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LUKE AIR FORCE BASE - TODAY

Posted 11/4/2012 Printable Fact Sheet
 
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Tuskegee Airmen Airpark
Aircraft 86-0291 is the center of the Tuskegee Airmen Memorial Airpark at Luke Air Force Base, Ariz. (U.S. Air Force photo/Master Sgt. Charles Tehan)
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Luke - A Broad Overview

Luke Air Force Base is home to the active duty 56th Fighter Wing and the U.S. Air Force Reserve's 944th Fighter Wing. Luke is the largest and only active-duty F-16 training base in the world with more than 138 F-16s assigned.

The 56th Fighter Wing, Luke's host unit, is composed of four groups, 24 squadrons, including seven fighter squadrons. The 944th Fighter Wing, assigned to 10th Air Force and Air Force Reserve Command, is the largest tenant unit on base and is comprised of two groups and seven squadrons including the 69th Fighter Squadron. Both the 56th and the 944th deploy combat-ready Airmen around the world in support of today's contingencies.

The base population includes about 3,500 military members and 15,000 family members. With about 80,000 retired military members living in greater Phoenix, the base services a total population of more than 100,000 people. More than 280 pilots graduate from Luke annually and proceed to combat assignments throughout the world. The 56th Fighter Wing also trains more than 350 maintenance technicians each year.

An integral part of Luke's F-16 fighter pilot training mission is the Barry M. Goldwater Range. The range consists of 1.8 million acres of relatively undisturbed Sonoran Desert southwest of Luke Air Force Base between Yuma and Tucson south of Interstate 8. Overhead are 57,000 cubic miles of airspace where pilots practice air-to-air maneuvers and engage simulated battlefield targets on the ground. Roughly the size of Connecticut, the immense size of the complex allows for simultaneous training activities on nine air-to-ground and two air-to-air ranges. The Luke Air Force Base Range Management Office manages the eastern range activities and Marine Corps Air Station Yuma oversees operations on the western portion.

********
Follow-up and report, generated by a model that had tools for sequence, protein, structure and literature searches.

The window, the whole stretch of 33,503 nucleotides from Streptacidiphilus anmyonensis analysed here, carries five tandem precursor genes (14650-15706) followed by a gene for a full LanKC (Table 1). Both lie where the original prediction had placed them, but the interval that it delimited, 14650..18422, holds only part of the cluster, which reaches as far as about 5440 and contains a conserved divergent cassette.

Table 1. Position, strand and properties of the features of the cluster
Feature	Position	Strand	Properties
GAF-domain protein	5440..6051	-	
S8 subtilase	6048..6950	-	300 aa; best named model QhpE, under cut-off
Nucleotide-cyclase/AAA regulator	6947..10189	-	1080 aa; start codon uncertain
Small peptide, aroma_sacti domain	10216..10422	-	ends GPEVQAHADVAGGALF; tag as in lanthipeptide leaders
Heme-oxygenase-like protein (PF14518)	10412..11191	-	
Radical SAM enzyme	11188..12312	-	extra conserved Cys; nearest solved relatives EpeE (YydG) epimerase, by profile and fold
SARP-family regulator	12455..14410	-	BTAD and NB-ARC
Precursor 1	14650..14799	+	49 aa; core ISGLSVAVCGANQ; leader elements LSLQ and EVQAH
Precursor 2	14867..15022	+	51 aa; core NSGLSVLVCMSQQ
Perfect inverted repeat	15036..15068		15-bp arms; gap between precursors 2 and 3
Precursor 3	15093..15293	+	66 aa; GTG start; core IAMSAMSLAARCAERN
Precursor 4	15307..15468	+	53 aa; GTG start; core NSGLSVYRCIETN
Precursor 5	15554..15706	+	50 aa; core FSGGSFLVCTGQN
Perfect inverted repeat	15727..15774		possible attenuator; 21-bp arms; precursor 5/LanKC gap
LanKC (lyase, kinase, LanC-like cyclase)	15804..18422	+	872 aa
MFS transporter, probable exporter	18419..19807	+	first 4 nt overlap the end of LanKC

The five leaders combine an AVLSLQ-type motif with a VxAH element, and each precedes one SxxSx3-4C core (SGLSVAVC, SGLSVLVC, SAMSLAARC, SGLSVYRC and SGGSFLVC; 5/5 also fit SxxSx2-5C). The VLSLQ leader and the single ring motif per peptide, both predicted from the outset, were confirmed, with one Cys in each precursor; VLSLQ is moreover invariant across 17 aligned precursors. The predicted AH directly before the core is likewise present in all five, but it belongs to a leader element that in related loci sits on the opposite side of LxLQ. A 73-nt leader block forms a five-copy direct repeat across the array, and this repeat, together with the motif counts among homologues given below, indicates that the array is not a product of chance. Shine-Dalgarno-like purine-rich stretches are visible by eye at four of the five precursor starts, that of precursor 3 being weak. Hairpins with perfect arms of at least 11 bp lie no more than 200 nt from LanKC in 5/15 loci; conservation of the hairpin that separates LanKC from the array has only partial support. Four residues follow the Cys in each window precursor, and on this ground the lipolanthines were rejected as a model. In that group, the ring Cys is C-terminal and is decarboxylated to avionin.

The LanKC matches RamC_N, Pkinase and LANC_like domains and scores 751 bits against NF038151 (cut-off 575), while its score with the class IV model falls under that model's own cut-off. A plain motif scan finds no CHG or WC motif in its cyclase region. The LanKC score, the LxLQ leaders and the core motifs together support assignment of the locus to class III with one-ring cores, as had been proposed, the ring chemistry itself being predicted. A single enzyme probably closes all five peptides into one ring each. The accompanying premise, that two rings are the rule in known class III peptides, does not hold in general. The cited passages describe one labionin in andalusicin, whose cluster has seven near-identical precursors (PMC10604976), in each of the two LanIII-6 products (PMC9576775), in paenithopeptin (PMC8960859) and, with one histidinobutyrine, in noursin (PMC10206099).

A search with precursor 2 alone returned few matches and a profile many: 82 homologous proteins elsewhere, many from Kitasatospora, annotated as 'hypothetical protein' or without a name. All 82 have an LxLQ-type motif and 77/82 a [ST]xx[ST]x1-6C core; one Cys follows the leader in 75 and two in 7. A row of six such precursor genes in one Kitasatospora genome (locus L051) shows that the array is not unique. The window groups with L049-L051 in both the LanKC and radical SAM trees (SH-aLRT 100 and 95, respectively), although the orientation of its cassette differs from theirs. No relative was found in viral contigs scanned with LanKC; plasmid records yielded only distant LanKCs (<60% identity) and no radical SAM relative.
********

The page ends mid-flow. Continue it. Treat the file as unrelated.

In addition to flying and maintaining the F-16, Luke Airmen also deploy to support on-going operations in Afghanistan and to combatant commanders in other locations around the world.

F-16 Training at Luke

The F-16 is the world's premier multi-role fighter; the product of high-end technology and inputs from fighter pilots the world over. It emphasizes flight performance--range, speed, payload, endurance and maneuverability--in the heart of the flight envelope where air combat occurs. The F-16 introduced many very successful technologies, such as fly-by-wire and relaxed static stability, which gives it a quantum leap in capability over other fighters and still makes it a fierce competitor today.

It has the range, payload, agility, and systems required to reach, locate, and destroy its targets as well as the survivability and sortie rates to return to the fight again and again.

Less than half the weight of the F-14, it carries a larger payload; less than one-fourth the cost of the F-15, it has superior maneuverability. In addition, advanced avionics and electronics give it excellent air-to-ground precision. The F-16 can deliver a crippling ground strike and instantly transform into an air superiority machine.

But the heart of the aircraft lies not in the cold hard metal frame or superior technology--it can be found in the everyday men and women that fly this outstanding machine every day. Our students who are training to fly one of the world's most advanced and capable aircraft receive some of the most realistic training available at Luke Air Force Base. They go through a structured syllabus totaling over 265 hours of classroom training, 55 hours of simulator and 80 hours of flight time.